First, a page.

Special Agents of the Diplomatic Security Service (DSS) have been on the front lines of securing diplomacy for over a century. From the Fall of Saigon to the U.S. embassy bombings in east Africa, and the Iranian Hostage Crisis to the attack on the U.S. consulate in Benghazi, special agents of the DSS have relentlessly put their lives on the line to protect their fellow diplomats around the globe. Agents Unknown reveals the story of Cody Perron, a former Special Agent of the DSS, and his journey through the Middle East and Southeast Asia, negotiating international fugitive returns, interviewing ISIS hostages, and protecting the highest-level U.S. government officials in some of the most volatile places in the world. Raw and unfiltered, Perron offers the perspective of a ground-level agent revealing the unconventional duties and accomplishments as one of many “agents unknown.”
Michael D. Theodorou –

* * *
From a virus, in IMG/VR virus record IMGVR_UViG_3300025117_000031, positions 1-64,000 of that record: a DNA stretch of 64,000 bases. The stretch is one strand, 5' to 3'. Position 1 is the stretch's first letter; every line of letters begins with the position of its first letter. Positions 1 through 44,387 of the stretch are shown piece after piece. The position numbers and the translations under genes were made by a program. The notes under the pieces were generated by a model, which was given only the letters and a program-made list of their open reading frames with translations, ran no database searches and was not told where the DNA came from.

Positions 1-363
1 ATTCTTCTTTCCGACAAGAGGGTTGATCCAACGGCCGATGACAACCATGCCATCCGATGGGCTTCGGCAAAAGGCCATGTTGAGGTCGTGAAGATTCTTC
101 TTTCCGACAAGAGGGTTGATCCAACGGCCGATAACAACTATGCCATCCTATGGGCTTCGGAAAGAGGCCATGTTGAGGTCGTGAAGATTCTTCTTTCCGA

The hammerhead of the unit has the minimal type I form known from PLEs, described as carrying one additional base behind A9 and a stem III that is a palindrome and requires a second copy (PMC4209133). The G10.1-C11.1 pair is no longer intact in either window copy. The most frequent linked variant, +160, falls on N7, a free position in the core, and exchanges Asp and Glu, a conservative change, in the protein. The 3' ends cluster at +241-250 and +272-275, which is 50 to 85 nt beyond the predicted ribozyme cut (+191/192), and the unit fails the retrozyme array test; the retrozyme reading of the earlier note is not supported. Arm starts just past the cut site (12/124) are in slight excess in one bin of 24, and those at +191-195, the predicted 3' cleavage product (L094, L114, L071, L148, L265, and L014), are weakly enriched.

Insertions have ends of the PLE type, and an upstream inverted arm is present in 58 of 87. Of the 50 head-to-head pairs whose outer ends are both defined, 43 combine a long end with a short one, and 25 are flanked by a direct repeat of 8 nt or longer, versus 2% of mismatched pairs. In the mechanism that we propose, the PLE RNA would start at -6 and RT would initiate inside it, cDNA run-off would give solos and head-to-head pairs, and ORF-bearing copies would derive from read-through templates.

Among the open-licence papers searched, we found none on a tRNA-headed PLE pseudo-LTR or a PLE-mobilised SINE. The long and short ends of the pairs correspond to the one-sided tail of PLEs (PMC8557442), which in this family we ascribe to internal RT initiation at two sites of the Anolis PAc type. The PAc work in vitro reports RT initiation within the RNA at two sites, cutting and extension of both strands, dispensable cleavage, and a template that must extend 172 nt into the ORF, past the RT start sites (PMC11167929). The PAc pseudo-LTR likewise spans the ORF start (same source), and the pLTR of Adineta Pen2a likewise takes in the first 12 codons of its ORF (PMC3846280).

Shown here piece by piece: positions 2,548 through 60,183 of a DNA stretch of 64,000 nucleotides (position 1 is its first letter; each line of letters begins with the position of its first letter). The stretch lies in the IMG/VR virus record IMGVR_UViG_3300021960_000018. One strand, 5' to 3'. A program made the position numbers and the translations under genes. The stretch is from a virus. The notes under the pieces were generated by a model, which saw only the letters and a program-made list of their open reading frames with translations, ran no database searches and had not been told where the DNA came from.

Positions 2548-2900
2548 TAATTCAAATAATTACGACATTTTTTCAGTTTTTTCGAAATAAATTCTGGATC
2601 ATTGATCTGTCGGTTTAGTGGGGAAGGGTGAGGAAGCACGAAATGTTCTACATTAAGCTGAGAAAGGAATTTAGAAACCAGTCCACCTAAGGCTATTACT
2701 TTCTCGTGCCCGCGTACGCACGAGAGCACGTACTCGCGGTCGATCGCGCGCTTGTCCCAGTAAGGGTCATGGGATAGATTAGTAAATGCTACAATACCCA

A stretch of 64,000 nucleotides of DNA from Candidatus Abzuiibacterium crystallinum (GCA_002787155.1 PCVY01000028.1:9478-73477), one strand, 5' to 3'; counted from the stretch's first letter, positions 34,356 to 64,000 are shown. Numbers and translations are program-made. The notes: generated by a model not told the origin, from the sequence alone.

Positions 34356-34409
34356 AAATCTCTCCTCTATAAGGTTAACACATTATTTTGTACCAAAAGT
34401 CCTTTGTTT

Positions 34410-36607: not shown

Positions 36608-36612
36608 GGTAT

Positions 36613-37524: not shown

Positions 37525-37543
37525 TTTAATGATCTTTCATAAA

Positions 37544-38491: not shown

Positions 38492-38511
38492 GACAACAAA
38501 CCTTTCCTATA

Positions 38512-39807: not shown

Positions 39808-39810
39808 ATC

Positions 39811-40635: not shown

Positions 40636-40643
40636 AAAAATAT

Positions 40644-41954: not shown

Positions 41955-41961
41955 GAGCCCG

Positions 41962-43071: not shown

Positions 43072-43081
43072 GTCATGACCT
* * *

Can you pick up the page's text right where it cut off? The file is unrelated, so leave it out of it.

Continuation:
The title of the book without a doubt was beyond original, because of the fact that it is 100% true. The Diplomatic Security Service, it’s function, along with its agents daily duties abroad & within the U.S. is without a doubt the one federal agency which not too many have heard of. Not even within the local law enforcement community unless you have had direct contact with them in your duties. I bet if you were to ask a street cop in the States which agency is DSS, or what does an A-RSO do overseas, or whom protects the Secretary of State or who investigates passport fraud, not too many cops would know. Codys writing captures in real time his rise within the DSS having first been exposed to the DSS as a U.S. Marine Security Guard while stationed overseas. His detailed writing of the exhaustive training that goes into making a DS Agent, along with the extraordinary writing of how he handled his first field office duties within the U.S. to working overseas in Vietnam and Iraq [several tours] was beyond exceptional. He goes into great detail as to how he investigated passport fraud at the Houston field office, to protecting individuals & extreme dangers presented in Iraq, to conducting a long term investigation on an active corrupt U.S. visa section chief in Vietnam whom was accepting money in exchange to issue visas. What touched me though without a doubt was Codys ability to inject compassion into his book, especially with his acts of kindness in Vietnam. Those acts were beyond exceptional, they were monumental as a human being & federal agent representing your country. Unfortunately, compassion is a trait not seen too often within the law enforcement community. Therefore, I was grateful to see through Cody’s book and words, that DS Agents overseas are beyond great ambassadors, they are great people also doing an extremely dangerous job. For those who aspire to be DS Agents, buy this book immediately, it will convince you to go above and beyond in making the Diplomatic Security Service your number career choice……Excellent work Cody…..